Adverse drug interactions in dental practice: interactions associated with analgesics, Part III in a series

By Haas DA

Date: 03/1999
Journal: J Am Dent Assoc

Purpose:   overview of drug interactions with analgesics and identifies those that are clinically relevant.

Most highlighted Results: 

NSAIDs and antihypertensives.

•There is sufficient evidence to support an interaction between NSAIDs and three major classes of antihypertensives:

1.Angiotensin-converting enzyme inhibitors, or ACEIs, such as captopril 2.Diuretics such as furosemide

3.ß-blockers such as propranolol

NSAIDs may attenuate ACEI action directly by inhibiting renal prostaglandin synthesis and indirectly by interfering with ACEI-induced prostaglandin production. Also with ß-blockers, NSAID-induced blockade of prostaglandin synthesis.  NSAIDs interfere with diuretics by reducing their efficacy in secreting sodium and affecting plasma renin activity.

•The calcium-channel blockers such as nifedipine do not interact with NSAIDs.

To what degree do NSAIDs inhibit antihypertensive action?

NSAIDs raise mean blood pressure by 5 mm of mercury. the amount of blood pressure increase induced by NSAIDs is clinically relevant when NSAIDs are used chronically and may be of little importance in the short term. Short-term prescribing is most common in dentistry, and this fact may allow dentists to continue using NSAIDs when indicated to manage acute pain.

 What period of NSAID administration is required to affect antihypertensives?

An assessment of the agents used in dentistry shows that the minimum time for an effect has been 8 days for ibuprofen . Therefore, NSAID may be prescribed provided the duration is 4 days or less.

  • NSAIDs for a short duration to patients taking antihypertensives. Possible exceptions are those who are most susceptible to this interaction: patients who are elderly, have severe congestive heart failure or have low concentrations of renin. In these cases, use of acetaminophen is most appropriate.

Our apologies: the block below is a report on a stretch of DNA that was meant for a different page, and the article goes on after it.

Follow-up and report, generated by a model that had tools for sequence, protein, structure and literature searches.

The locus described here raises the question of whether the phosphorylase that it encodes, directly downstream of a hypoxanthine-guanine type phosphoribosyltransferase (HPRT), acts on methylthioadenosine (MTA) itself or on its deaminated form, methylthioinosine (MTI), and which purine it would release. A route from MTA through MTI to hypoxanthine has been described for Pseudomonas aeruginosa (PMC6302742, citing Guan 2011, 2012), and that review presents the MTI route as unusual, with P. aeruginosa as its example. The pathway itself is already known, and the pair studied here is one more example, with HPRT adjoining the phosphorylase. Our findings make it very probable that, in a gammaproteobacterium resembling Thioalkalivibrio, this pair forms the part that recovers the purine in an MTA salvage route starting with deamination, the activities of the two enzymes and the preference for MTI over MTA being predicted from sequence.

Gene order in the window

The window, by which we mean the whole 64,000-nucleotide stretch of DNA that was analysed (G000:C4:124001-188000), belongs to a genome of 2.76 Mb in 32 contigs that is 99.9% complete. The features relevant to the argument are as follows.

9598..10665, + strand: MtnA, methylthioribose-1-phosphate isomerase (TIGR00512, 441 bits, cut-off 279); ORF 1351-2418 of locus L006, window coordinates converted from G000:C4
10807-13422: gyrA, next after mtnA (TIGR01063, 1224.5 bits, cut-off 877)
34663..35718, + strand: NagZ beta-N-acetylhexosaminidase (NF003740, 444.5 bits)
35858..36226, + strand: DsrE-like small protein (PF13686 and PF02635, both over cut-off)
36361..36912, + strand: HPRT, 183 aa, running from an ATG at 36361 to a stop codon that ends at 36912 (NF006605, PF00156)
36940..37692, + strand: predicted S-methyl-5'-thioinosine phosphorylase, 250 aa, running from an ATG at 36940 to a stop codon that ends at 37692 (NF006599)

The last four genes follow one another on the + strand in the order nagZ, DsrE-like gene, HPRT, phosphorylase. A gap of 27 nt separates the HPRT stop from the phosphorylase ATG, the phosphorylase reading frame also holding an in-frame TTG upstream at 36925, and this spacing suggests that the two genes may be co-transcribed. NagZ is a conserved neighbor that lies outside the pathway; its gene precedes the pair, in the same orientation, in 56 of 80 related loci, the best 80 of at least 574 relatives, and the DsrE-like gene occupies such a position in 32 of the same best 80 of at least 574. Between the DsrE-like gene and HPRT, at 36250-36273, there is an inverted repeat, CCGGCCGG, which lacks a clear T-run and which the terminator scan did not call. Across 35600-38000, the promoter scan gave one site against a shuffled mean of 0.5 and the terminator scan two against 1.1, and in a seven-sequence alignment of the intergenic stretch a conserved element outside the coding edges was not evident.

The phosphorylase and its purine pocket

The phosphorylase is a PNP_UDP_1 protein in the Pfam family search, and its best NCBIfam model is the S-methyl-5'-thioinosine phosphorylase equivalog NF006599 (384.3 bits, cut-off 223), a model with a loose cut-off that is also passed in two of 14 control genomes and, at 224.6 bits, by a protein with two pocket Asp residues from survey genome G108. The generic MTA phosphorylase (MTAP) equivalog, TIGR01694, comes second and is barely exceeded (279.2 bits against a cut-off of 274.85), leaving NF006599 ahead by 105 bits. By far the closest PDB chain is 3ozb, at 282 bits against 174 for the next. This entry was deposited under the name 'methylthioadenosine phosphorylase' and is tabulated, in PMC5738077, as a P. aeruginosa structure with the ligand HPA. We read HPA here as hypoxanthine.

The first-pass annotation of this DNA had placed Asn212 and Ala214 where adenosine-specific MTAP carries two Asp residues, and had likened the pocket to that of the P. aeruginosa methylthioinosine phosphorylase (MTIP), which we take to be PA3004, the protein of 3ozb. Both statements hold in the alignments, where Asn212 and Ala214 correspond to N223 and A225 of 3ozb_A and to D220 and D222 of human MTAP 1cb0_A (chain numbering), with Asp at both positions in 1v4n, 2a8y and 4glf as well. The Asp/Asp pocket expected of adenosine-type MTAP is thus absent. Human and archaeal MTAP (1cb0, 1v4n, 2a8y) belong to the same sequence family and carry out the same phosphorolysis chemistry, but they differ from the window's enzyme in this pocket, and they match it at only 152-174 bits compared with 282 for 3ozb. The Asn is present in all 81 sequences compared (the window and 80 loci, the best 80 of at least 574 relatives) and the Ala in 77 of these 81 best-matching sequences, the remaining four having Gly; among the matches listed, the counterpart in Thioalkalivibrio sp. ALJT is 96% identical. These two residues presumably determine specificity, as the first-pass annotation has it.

NSAIDs and anticoagulants:

when an NSAID is combined with an anticoagulant such as warfarin, there is a potential for excessive bleeding. NSAIDs, and particularly aspirin, should not be taken by patients who are receiving anti- coagulant therapy. Avoidance is most important in elderly patients, as they are most susceptible to this adverse event.

NSAIDs and other NSAIDs or acetaminophen.

Associated with nephrotoxicity when used improperly, particularly when taken chronically or in combination with other NSAIDs or acetaminophen.

Aspirin and sulfonylureas (oral hypoglycemics).

An increase in hypoglycemic effect occurs.

Table 1, 2 showed adverse drug interactions in dentistry involving analgesics used for a period of less than five days.


Acetaminophen (Tylenol), commonly used to manage mild-to-moderate pain, has the advantage of providing analgesia without the side effects associated with NSAIDs or opioids. 

Acetaminophen is safe when taken in recommended dosages for a short duration, consistent with the management of acute pain in dentistry.

A number of drug interactions are reported, but the only one clinically relevant to dentistry is the result of acetaminophen’s combination with alcohol.